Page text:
From a rather telling New York Times article:
A study published this month in the journal Health Affairs made me think of my colleague again and offered one likely possibility for his return to Canada: There, he had more time to focus on his patients.
Researchers asked hundreds of physicians and administrators in private practices across the United States and Canada how much time they spent each day with insurers and other third-party payers, tracking down information for claims that were denied or incorrectly paid, resolving questions about insurance coverage for prescription drugs or diagnostic tests, and filing the different forms required by each and every insurance company.
Physicians in Canada, where health care is administered mainly by the government, did spend a good deal of time and money communicating with their payers. But American doctors in the study spent far more dealing with multiple health plans: more than $80,000 per year per physician, or roughly four times as much as their northern counterparts. And their offices spent as many as 21 hours per week with payers, nearly 10 times as much as the Canadian offices.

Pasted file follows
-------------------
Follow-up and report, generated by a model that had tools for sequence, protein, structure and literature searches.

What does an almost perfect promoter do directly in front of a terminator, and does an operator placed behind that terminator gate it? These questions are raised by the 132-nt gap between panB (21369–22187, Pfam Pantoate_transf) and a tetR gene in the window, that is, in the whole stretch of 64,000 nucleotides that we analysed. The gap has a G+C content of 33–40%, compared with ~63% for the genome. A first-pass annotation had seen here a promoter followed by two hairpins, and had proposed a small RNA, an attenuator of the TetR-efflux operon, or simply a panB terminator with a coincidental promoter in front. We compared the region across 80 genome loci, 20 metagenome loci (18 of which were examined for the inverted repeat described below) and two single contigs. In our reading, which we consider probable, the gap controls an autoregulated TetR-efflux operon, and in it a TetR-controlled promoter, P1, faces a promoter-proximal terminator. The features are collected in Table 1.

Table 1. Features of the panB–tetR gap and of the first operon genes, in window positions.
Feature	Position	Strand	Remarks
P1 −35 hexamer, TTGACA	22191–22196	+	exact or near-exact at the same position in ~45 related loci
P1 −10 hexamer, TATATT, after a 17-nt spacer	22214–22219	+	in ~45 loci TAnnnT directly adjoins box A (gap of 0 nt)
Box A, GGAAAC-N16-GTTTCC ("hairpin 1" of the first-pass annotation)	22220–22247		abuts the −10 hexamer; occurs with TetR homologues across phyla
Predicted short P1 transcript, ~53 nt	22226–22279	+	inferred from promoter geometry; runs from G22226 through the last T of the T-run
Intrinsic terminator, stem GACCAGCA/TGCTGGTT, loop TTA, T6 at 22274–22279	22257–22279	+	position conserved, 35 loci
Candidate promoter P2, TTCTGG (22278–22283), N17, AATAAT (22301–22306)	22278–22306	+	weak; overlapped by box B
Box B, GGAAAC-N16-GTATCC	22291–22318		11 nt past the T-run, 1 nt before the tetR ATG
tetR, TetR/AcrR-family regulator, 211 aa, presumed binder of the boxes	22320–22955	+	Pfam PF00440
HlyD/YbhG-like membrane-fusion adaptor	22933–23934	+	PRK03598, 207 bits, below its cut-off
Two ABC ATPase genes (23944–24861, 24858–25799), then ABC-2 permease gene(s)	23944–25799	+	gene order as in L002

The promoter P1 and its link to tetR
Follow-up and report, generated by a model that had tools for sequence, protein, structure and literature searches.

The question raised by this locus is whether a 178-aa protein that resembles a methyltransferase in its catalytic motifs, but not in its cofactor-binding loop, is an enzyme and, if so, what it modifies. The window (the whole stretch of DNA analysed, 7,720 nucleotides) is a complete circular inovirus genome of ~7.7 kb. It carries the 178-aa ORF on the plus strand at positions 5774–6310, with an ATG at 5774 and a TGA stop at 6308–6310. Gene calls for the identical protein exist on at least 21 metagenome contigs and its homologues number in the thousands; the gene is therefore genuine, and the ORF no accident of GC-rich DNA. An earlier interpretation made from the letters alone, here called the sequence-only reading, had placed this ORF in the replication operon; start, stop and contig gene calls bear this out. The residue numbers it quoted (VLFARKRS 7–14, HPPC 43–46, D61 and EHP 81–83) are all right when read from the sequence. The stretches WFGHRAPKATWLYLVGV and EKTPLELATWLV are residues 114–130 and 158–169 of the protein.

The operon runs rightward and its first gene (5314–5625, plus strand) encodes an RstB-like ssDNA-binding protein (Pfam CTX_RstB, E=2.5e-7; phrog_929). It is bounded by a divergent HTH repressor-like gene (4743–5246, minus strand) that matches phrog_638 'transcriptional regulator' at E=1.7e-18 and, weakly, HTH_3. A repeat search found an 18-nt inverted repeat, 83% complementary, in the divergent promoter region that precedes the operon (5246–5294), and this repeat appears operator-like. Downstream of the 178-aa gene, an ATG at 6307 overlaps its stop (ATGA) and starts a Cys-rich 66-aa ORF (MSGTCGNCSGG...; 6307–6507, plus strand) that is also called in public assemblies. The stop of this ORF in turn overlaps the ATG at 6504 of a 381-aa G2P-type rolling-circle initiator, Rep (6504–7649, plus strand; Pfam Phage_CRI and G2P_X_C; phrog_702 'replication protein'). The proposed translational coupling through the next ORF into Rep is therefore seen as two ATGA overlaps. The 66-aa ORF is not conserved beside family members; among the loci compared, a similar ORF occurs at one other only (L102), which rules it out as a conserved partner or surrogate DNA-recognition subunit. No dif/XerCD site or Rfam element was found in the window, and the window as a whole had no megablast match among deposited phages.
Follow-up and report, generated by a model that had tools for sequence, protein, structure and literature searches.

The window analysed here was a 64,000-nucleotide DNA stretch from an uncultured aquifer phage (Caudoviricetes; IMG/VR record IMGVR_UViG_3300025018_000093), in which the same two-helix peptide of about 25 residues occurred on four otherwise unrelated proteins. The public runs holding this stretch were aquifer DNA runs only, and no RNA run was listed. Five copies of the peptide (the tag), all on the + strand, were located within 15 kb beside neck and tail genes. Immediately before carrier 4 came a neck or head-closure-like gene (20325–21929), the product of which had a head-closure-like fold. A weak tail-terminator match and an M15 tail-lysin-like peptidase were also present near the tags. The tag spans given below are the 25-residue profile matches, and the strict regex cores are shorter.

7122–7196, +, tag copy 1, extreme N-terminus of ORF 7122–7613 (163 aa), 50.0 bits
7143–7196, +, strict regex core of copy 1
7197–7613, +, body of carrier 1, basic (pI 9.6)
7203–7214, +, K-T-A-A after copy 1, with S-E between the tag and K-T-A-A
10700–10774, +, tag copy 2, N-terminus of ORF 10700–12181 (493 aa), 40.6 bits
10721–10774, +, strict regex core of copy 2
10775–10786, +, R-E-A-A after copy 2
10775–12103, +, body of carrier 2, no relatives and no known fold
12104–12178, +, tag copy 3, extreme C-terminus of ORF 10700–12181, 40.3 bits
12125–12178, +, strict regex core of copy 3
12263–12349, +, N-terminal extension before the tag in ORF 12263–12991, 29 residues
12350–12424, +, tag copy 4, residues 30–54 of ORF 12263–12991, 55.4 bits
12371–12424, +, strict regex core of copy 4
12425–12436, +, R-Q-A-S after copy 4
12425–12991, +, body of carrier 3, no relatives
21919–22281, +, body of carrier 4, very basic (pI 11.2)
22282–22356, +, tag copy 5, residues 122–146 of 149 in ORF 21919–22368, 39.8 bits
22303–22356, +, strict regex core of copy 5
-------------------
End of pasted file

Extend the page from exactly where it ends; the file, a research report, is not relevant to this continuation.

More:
“The amount of time we spend on this is just crazy,” said Dr. Sara L. Star, a partner in a three-physician pediatrics practice in suburban Chicago. “But each insurance company has its own language, its own set of rules and specific contracts with certain laboratories, hospitals, physicians and pharmaceutical companies.”
And when those companies offer multiple “insurance products,” the convoluted coverage grid acquires yet another level of complexity. Each “product” comes with its own unique permutation and combination of authorization requirements, rules for claims and list of approved prescription drugs.